Thank you very much for the invitation and for this opportunity.
I would like to start by saying that I fully support the comments made at a previous session by Ms. Aird and Ms. Redfern during their session with you on the 28th. I applaud the work that they and the Indigenous Heritage Circle are doing. It's not my intention today to overlap too much with what they have already articulated. Instead, I hope my comments will complement theirs.
I'd like to take this opportunity to focus on the subject of indigenous cultural heritage quite broadly. I tend to be a conceptual thinker. I may be taking you higher than you've gone in previous sessions, but that's just sort of where my head works.
I'd like to start by talking a little about the specificities or the characteristics of what we might call indigenous cultural heritage generally—absolutely respecting that each community will define and express that in their own way, but there are sufficient similarities in distinction to a western notion of cultural heritage that are identifiable.
I would start by saying that there is a general focus on the non-material, so it doesn't typically focus itself on material as built heritage. It often has to do with the performance of cultural practices on the land, so there's an interrelationship between cultural practices and land-based activities. Heritage is often an activity and enactment of land-based activities—for example, narratives and storytelling related to the land, and traditional knowledge associated with travel on the land. Language—the naming of people, the naming of places—is a very integral component to indigenous cultural heritage, as are clothing, tools, and cuisine, all interrelated with the expression of cultural heritage.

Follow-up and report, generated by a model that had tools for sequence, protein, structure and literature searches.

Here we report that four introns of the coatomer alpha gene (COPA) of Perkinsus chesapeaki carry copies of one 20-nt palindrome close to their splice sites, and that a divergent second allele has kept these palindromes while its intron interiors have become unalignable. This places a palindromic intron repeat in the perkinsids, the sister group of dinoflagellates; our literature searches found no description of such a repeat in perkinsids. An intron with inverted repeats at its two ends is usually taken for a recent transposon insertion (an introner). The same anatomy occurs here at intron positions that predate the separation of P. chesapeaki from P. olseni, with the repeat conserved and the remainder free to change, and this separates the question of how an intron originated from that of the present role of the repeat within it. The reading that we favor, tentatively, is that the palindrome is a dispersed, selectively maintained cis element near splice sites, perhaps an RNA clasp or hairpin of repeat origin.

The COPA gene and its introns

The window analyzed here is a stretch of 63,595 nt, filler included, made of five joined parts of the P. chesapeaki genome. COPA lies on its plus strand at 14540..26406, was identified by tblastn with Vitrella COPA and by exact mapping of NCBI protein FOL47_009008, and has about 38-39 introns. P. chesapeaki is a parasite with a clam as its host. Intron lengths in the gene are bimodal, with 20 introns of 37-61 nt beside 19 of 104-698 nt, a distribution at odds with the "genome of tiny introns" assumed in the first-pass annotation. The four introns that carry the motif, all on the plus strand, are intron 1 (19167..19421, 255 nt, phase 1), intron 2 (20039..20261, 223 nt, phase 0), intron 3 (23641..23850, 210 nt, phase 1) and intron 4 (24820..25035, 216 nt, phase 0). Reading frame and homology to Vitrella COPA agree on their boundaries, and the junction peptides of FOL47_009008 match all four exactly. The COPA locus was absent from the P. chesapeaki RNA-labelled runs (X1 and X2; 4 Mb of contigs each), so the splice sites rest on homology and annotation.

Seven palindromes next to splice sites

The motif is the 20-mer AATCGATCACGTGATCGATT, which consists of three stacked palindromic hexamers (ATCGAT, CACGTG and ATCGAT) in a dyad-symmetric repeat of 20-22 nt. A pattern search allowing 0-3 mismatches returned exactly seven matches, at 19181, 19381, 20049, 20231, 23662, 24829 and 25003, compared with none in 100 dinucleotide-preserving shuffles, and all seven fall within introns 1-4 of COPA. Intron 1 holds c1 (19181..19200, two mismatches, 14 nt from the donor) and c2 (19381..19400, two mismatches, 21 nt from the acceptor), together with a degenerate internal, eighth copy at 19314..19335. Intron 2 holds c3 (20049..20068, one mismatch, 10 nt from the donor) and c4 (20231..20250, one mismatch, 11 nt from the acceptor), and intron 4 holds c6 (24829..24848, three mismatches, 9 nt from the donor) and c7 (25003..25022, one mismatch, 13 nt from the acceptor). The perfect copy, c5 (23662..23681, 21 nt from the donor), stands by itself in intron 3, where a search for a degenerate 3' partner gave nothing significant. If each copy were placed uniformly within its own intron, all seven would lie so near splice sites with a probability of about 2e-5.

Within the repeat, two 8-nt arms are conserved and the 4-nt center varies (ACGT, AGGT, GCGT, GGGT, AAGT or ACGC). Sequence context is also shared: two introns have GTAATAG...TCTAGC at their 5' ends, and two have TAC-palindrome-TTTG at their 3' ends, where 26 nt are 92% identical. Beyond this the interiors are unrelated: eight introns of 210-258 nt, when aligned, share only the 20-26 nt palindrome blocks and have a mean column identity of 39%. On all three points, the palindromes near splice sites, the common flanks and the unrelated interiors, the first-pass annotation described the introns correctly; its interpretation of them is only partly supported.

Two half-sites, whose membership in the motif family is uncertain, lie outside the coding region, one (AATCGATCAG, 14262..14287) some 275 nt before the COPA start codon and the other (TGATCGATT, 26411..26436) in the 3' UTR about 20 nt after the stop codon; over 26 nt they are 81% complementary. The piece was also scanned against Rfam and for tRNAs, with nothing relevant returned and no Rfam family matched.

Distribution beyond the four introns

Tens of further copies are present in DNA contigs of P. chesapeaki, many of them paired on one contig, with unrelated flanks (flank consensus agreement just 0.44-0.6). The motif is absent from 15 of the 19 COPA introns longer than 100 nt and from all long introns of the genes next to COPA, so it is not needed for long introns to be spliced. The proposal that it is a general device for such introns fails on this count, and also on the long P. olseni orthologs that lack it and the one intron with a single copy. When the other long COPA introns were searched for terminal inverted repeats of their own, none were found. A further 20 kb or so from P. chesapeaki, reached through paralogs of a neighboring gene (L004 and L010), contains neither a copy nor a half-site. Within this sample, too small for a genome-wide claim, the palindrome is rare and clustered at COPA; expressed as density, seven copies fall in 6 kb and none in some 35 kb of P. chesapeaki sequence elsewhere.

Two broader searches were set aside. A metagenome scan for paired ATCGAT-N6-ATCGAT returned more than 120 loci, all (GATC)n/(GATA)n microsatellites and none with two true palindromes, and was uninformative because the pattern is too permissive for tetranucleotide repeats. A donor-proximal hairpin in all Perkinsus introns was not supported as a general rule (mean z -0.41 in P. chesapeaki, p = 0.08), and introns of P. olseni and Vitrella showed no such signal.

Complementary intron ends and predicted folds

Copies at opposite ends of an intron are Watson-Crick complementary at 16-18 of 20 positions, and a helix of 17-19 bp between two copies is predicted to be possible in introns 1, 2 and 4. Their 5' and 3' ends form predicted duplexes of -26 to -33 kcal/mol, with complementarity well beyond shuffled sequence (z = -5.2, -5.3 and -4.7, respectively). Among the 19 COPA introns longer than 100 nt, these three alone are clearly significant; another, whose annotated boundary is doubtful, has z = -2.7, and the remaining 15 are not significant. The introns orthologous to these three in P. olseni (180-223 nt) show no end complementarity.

Other characteristics are that these are often quotidian sorts of practices rather than the exceptional or the ceremonial. They are that as well, but they are also daily. One of the other features is that they are fundamentally present-based, much more focused on being present-centred. We often think about heritage as about history and about things from our past. It is that as well, but it's a present-centred focus.
I wanted to set that up in distinction to what we are comfortably identifying as heritage practice. That is the identification, protection, and conservation of places of significance, and this activity is core to how we define ourselves through identity construction. It's a way of telling us and future generations something about ourselves and our history as a nation, as a culture, and as a people.
The apparatus that we have in place—not just us, it's the heritage apparatus—is born out of a particular trajectory, and is, in my opinion, ill-equipped to currently address the context of indigenous cultural heritage.
So in order to do that, I think the field generally needs to entertain some fundamental shifts in their thinking, shifts in their concept of what heritage is. One of those shifts, I would say, is scale. I think we need to start thinking from the individual to the broader. One way of doing that is to think about landscape. Landscape is a helpful lens to start to think about how elements are interconnected rather than in their singularity.